Sufficient Views of Secular Interest, and forward cy of h- to lay open their own Faults and Failnuigence. jngS> merely for the Sake of Truth, 'tis a strong Presumption that they have no Inclination to write Falfhoods; if so be they are but competent Judges of what

they they are about, and have sufficient means of Information in their Power. And herein the Evangelists could not be defective, because (even upon the Supposition of no Divine Assistance or Inspiration) they had Persons enough living, to give them full Instructions as to the great Periods and Actions of our Saviour's Life. d Of his Conception and Birth, and other Particulars preceding his Baptism, they might have an Account from Simeon and Anna, and the Parents of John, as well . as from Joseph and Mary. Of his Baptism, and what thereupon ensu'd, they might have Intelligence from John and his Diseiples. Of his Fajiing and 'Temptation, from the lame John, who not unlikely retir'd with him into the Wilderness, (where himself had been before) and continu'd with him until his return -y and of the several Transactions in his fublkk Ministry, they themselves (as' well as the other Apostles) were Eye and Ear-witnejpsy and as competent Judges of what they heard and saw, as the greatest Philosophers living. By these and several other Helps, they might be supply'd with proper Materials for their respective Histories; and when they had thus compil'd them, (we speak still upon the Supposition of no Inspiration) their

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Fidelity

t Grew*/ Cofmologla Sacra,

Fidelity appear'd, in their speedy committing them to Writing. For, according to the best Account of Antiquity, St. Matthew wrote his' Gospel about eight, St. Mark about ten, St. Luke within fifteen, and St. "John, not much above two and thirty Years, after our SaviouYs Ascension ; lest any things deserving the Notice, or necessary to the .Salvation of Posterity, might escape their Memories, by reason of too long a delay. The Cor* And indeed, if we look into the Con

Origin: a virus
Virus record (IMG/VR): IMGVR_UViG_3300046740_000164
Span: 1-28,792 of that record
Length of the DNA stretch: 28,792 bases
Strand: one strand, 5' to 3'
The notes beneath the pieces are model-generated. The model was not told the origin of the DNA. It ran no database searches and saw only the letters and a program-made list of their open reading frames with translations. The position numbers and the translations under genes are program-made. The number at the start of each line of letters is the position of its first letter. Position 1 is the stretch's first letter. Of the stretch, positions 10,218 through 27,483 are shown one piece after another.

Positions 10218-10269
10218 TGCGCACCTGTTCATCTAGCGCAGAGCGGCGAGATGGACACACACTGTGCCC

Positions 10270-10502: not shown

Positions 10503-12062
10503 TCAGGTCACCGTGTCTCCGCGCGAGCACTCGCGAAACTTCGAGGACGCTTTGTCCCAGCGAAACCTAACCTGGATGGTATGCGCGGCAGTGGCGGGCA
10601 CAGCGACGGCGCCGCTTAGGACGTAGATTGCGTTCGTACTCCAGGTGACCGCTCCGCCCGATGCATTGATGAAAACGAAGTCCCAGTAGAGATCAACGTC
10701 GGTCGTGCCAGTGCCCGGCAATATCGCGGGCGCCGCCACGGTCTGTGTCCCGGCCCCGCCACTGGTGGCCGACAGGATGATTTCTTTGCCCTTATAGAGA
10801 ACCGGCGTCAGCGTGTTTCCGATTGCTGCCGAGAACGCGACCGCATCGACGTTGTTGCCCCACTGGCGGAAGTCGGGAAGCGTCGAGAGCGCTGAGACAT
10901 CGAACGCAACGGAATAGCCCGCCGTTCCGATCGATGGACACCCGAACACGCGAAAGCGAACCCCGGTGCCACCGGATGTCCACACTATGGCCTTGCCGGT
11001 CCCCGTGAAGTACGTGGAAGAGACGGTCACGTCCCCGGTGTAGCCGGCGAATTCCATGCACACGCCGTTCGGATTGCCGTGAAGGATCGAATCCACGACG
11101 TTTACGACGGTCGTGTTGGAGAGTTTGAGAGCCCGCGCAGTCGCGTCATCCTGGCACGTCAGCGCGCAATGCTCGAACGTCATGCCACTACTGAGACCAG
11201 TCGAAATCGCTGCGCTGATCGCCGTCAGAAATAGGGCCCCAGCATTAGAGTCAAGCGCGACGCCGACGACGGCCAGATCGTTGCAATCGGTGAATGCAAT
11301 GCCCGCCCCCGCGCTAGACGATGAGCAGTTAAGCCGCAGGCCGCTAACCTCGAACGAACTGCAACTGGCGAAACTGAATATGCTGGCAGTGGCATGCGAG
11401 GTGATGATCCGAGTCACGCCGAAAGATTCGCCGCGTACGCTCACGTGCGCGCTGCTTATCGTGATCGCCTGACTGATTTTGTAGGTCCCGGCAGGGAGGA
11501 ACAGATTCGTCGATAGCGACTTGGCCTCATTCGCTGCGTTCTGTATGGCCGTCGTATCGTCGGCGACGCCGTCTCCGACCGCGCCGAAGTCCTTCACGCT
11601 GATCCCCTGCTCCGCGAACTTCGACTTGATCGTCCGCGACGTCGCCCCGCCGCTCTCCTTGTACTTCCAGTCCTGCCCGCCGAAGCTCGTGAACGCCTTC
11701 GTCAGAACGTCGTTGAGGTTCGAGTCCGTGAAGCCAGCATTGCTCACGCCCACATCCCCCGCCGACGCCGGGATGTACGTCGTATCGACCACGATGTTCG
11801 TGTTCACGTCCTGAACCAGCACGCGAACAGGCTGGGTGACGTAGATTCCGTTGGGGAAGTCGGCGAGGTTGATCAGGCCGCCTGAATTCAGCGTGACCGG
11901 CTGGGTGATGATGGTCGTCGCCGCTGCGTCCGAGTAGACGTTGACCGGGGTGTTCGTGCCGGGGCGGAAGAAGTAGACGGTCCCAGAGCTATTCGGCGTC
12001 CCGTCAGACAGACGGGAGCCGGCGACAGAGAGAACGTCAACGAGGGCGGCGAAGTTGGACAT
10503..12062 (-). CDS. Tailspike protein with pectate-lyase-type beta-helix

th'"* r's tents °^ t^ie Histories, as well as the Chapels. ° rafters of'the Historians, we ihall soon perceive luch a Simplicity, as well as Majesty in their Narrations, luch Purity in their Precepts, and such Sublimity in their Doctrines, as plainly denote them to be a Divine Revelation.

Men of quick Parts and Ingenuity, *tis true, may tell us cunningly-devised Tables, and amuse their Readers with Tales and Romances, that had never any Foundation in Nature: But, to frame such an excellent System, of Morality, as is contain'd in the Gospels ', to give such an extraordinary Account of the Satisfaction for Sin, and of the Nature and Office of a Mediator; to feign the Life and Actions of a Messiah, which should agree so exactly with the Predifiions of the Prophets, and the Types and Prefix

gurations